Japanese mobile social gaming giant GREE has further expanded its presence and production capabilities in North America after it revealed that it will open a development studio in Vancouver, Canada.

The company will move into the 41,000 square foot space in Spring, and it explains that the premises will be used to develop new and unique titles for its global mobile gaming platform, which was released in beta last month. GREE — which posted profits of $307 million in the third quarter of 2012 — expects the first game produced out of Vancouver to be released within six to eight months.

The Canadian studio is GREE’s seventh worldwide, and the company is currently hiring to staff the office. It dominates its domestic market in Japan — alongside rival DeNA — but the expansion will help increase its productivity and US-presence to further rival Zynga and other established Western rivals.

The move to Vancouver comes just under six months after the Japanese firm opened a studio in San Francisco, which was officially announced in February. Steve Lin, GREE’s VP of consumer operations will lead the office, having helped establish the company’s presence in San Francisco.

Commenting on the new studio, and its edgier approach to game development, Lin said:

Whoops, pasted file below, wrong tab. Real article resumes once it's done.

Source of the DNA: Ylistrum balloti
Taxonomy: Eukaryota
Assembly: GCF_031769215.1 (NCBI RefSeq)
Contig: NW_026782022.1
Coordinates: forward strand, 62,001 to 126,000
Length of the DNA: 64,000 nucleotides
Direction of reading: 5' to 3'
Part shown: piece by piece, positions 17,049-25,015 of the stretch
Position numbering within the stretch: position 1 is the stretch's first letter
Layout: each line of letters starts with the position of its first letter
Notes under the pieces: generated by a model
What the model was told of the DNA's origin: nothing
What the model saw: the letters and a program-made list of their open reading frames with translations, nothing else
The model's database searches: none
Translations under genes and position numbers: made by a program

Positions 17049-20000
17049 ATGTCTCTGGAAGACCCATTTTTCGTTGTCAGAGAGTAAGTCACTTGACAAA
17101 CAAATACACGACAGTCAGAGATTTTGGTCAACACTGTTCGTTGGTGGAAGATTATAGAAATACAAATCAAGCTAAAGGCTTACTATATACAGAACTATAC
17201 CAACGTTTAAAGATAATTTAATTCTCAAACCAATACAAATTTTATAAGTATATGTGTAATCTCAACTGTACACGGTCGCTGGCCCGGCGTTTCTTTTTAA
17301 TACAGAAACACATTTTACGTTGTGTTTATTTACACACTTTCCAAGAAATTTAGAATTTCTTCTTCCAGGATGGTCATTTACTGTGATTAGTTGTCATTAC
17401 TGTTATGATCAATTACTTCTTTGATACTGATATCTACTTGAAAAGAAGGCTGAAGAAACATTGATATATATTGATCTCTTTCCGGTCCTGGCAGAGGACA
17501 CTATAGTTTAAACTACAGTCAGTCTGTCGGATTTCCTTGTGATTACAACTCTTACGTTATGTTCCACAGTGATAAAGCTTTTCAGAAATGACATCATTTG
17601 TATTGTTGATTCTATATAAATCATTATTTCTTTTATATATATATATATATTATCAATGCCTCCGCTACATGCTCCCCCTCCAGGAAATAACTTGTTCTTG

The goal for the Canadian studio is to merge the knowledge we gained from our recent successes with more experimental approaches. We want to take some risks and come up with new games and ideas that will contribute to the ongoing evolution of the mobile game space. The creative community in Vancouver has made tremendous contributions to the mobile and video game industry and we are looking forward to tapping into that talent pool and building a team of passionate innovators.

Its efforts to beef up its presence in North America saw it buy game development firm Funzio for $210 million, which produced a number of popular Facebook games, in May.

GREE took its first significant step in the region back in 2010, when it bought Openfeint, a global mobile gaming platform, for $109 million.

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